Scott speaks in Tax Credit debate in Commons

Scott Mann has spoken about Tax Credits for the first time in Parliament since reforming measures were announced in the Summer Budget by George Osborne.

In the House of Commons, Scott welcomed much needed reform to a policy that has spiralled out of control since its introduction in 2003.

He said:

"The primary aim of this Government is to pay down the deficit, reduce public spending and unshackle the £3,000 that hangs around the neck of every child that is born in the UK. The Prime Minister has lifted thousands of people in my constituency out of income tax altogether, given 30 hours of free childcare and introduced the new living wage. I am proud to associate myself with those measures.

"When tax credits were first introduced by Labour, they cost £4 billion a year. This year, I believe, they cost £30 billion, so they clearly need reform."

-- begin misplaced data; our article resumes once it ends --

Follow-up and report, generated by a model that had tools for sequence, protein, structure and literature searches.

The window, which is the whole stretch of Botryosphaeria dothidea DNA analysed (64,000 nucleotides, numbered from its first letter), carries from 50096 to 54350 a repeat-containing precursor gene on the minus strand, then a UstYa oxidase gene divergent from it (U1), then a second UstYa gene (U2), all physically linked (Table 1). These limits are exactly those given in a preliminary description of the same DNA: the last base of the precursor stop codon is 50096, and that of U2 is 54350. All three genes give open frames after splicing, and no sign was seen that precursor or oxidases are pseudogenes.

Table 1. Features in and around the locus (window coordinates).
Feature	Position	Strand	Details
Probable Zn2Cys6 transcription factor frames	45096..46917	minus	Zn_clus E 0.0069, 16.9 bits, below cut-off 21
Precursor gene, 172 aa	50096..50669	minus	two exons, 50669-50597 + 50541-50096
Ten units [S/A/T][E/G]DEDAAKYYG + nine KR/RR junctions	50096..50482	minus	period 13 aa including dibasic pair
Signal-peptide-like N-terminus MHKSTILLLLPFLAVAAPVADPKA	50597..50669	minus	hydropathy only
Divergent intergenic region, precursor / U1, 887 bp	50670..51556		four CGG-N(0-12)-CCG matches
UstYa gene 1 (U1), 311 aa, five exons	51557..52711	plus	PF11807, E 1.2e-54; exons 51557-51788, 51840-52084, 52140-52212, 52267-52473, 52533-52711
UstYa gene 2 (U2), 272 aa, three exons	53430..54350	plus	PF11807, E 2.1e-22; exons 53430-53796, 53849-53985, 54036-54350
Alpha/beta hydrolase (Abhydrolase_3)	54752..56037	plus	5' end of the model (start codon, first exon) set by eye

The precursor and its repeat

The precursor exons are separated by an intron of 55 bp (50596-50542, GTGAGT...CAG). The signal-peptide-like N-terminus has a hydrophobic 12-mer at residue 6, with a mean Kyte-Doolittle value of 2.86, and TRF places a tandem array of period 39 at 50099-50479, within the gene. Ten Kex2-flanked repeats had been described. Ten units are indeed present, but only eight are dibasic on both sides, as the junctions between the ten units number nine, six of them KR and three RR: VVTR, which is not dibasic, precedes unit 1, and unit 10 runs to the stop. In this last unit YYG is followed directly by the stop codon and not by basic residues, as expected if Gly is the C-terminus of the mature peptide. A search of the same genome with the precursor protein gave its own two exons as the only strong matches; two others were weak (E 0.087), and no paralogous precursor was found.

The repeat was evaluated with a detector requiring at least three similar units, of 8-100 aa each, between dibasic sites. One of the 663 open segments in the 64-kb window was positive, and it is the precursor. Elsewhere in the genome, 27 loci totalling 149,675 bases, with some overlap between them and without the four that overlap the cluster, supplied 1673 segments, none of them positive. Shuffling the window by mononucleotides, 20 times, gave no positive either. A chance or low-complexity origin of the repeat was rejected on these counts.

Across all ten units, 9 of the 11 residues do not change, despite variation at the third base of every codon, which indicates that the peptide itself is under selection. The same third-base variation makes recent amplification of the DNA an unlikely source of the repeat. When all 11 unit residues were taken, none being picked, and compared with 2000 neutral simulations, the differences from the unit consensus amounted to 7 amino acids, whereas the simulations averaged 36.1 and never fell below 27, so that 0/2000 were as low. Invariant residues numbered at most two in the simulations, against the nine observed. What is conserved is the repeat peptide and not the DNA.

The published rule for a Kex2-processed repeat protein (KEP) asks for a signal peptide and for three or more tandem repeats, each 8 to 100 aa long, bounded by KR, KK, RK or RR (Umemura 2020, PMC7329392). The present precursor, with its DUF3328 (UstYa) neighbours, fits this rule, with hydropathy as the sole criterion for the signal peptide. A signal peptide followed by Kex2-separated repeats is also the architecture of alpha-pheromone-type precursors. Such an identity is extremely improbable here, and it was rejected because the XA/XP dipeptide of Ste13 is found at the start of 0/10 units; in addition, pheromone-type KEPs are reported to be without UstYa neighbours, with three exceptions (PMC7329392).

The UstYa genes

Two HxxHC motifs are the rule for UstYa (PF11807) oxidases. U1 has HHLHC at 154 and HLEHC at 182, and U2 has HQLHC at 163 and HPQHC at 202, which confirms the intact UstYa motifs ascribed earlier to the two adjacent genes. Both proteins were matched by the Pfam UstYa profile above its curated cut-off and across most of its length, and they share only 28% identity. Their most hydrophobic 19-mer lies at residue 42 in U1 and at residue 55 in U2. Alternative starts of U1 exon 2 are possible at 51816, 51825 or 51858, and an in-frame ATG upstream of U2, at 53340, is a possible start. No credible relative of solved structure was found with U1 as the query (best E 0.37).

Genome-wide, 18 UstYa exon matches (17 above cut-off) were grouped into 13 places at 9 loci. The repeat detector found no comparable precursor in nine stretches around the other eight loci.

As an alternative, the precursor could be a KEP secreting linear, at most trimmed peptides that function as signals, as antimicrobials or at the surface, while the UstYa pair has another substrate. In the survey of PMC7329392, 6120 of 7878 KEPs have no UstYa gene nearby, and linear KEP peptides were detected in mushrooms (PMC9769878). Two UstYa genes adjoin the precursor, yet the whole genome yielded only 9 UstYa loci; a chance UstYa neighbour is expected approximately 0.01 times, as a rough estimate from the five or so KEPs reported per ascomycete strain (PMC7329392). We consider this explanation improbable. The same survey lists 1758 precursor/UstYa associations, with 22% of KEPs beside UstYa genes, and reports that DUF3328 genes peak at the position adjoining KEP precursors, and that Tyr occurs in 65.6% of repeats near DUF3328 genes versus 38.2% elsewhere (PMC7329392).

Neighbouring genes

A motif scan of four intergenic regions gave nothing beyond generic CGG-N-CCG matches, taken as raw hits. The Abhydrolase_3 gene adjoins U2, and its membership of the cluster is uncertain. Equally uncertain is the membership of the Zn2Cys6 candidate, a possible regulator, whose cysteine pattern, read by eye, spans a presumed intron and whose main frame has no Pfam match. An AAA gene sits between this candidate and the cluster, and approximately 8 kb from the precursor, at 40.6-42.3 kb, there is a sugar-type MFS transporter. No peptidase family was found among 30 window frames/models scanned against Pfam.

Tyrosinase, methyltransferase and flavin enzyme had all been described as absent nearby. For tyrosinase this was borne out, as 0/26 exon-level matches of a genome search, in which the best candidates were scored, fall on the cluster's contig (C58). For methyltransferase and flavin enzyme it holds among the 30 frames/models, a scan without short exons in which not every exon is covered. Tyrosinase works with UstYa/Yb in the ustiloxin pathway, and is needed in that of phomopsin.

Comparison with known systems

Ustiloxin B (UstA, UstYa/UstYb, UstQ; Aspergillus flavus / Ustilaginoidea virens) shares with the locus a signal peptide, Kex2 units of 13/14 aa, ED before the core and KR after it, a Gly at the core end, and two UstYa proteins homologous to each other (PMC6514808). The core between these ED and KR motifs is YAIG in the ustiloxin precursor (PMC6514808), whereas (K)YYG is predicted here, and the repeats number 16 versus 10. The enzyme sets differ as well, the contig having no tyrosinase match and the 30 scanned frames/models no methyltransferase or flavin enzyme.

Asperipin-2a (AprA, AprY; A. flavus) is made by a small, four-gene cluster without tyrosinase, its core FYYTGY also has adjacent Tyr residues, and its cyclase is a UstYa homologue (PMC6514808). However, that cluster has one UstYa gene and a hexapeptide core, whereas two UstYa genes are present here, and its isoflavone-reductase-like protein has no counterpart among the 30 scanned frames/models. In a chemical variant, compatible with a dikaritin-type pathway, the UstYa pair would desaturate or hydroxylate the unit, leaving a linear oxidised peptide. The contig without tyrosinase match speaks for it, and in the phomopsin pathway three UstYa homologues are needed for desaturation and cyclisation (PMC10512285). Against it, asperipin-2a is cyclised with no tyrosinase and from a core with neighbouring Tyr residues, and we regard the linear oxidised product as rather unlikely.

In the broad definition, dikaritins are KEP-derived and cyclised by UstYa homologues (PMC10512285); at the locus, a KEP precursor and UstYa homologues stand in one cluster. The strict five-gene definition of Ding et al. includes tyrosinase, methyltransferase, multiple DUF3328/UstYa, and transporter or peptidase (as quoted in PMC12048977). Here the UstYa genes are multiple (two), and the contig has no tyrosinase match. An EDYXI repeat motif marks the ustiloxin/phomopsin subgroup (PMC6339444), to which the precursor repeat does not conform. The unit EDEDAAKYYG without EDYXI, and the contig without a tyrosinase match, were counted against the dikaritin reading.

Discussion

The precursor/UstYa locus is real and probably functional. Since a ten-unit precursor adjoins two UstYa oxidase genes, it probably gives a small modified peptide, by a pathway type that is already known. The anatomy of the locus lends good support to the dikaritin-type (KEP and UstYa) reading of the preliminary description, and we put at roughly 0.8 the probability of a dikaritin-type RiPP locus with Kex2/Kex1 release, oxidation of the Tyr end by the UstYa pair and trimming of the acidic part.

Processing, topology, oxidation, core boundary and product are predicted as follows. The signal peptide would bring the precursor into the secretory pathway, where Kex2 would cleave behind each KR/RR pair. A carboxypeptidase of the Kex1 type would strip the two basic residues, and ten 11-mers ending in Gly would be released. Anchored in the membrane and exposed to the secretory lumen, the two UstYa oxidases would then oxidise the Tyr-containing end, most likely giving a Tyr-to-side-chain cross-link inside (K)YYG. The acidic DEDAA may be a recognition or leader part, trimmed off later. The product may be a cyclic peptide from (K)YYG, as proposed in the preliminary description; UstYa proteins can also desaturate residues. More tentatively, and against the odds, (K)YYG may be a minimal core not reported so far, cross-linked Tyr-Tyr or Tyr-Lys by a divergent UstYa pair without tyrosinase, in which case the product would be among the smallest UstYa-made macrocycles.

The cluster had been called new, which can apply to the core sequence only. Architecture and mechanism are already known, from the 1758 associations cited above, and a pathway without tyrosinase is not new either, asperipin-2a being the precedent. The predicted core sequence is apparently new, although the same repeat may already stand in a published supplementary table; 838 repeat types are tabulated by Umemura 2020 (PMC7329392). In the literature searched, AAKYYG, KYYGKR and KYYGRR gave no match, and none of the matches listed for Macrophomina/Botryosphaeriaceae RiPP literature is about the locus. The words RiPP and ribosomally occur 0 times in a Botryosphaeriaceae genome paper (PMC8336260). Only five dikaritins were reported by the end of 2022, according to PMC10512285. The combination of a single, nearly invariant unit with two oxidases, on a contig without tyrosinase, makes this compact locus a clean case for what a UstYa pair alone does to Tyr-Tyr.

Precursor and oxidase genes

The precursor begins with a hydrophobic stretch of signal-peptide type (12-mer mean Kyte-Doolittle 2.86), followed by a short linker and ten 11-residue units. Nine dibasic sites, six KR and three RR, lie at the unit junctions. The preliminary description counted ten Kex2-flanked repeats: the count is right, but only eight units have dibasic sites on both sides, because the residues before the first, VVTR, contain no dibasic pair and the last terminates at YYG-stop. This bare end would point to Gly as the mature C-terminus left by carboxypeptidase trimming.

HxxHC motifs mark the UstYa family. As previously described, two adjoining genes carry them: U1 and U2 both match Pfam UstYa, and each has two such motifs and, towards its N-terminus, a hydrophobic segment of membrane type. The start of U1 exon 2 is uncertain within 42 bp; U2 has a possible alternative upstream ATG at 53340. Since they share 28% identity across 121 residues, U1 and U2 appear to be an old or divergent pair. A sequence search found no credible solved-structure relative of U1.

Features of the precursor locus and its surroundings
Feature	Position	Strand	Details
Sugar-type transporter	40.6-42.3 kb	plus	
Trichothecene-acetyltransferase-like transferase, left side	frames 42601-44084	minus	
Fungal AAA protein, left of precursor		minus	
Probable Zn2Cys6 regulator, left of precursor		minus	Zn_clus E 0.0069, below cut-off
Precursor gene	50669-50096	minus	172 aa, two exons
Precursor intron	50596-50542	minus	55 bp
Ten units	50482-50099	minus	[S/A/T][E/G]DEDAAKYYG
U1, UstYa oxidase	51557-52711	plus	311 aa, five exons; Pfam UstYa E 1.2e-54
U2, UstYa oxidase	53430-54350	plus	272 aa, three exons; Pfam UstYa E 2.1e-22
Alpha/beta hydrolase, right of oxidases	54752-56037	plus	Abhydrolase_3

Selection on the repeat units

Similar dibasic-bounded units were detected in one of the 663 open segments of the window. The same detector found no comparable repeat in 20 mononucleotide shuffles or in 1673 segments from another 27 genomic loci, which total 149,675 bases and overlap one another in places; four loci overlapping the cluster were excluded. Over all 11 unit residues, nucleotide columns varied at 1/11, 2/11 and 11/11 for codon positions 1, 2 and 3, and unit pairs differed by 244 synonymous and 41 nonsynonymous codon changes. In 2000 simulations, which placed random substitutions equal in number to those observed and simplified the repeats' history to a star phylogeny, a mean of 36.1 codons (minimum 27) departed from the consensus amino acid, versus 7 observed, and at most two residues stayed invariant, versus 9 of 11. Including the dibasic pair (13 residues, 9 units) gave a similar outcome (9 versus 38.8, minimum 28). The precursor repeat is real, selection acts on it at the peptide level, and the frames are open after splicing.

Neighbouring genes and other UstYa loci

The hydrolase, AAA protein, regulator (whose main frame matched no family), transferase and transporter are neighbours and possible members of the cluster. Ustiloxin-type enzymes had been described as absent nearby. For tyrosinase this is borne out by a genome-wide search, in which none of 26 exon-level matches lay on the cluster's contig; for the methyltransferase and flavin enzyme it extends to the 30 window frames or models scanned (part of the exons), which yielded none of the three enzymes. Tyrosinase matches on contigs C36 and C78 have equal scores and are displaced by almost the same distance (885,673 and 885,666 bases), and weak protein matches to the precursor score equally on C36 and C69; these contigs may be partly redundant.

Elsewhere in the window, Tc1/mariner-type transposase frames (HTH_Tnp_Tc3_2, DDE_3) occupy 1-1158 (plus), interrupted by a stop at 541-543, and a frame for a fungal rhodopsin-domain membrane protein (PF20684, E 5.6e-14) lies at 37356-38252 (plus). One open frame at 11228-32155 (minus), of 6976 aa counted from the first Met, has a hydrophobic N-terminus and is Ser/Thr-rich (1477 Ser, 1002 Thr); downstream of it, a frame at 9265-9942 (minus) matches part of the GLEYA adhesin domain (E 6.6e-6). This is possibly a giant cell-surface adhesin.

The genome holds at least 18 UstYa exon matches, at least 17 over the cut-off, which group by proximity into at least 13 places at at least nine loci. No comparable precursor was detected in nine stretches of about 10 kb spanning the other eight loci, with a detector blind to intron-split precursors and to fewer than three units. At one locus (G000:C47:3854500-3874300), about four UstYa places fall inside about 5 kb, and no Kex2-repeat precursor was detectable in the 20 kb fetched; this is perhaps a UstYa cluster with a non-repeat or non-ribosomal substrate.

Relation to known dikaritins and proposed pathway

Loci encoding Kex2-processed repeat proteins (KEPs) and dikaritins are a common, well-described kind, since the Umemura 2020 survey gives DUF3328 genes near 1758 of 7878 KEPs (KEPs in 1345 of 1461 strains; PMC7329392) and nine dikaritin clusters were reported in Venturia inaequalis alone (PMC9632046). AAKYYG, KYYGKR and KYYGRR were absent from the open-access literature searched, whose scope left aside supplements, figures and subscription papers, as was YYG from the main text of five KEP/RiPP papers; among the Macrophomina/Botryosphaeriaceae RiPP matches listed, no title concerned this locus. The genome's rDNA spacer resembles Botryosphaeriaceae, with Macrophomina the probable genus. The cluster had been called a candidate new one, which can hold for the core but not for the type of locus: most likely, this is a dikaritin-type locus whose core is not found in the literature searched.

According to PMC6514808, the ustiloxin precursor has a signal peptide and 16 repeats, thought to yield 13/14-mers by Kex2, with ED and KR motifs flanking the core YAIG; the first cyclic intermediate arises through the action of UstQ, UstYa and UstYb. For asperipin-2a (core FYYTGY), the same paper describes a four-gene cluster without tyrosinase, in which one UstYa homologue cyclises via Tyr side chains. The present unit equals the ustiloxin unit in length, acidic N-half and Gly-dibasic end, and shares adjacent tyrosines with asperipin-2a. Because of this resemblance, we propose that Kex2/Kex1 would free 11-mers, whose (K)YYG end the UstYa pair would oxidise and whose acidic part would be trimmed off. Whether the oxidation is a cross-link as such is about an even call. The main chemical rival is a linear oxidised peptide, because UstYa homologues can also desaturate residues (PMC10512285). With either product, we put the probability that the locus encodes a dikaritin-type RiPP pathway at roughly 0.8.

In the Summer Budget, the Chancellor George Osborne announced measures would be introduced to reform the tax credit system to reduce the welfare bill and help turn Britain into a higher wage, lower tax, lower welfare economy.

Millions of families will benefit from a new 'National Living Wage' of £7.20/hr in 2016, rising to £9/hr by 2020, 30 hours free child care a week, a tax-free personal allowance of £12,500 by 2020, and reduced council rents. Since 2010, 2 million jobs have been created and the UK has its highest rate of employment since records began.

During his speech Scott also asked that the total package of measures did not negatively impact any of his North Cornwall constituents.

He said:

"This Government know they need to make tough decisions, but they need to make them with fairness and compassion. The measures that we are putting in place to manage the transition are to be welcomed....However, it is evident that some people will fall between the cracks. People with older children aged between eight and 14, for example, who do not necessarily have child care provision that they can allocate, single parents who currently earn more than the living wage, and those in private accommodation who do not benefit from the rent reductions will be affected."

He closed his statement in the Commons by saying:

"I am here today to stand up for the thousands of working people in North Cornwall and I urge the Chancellor to assist them in their efforts to work and to earn."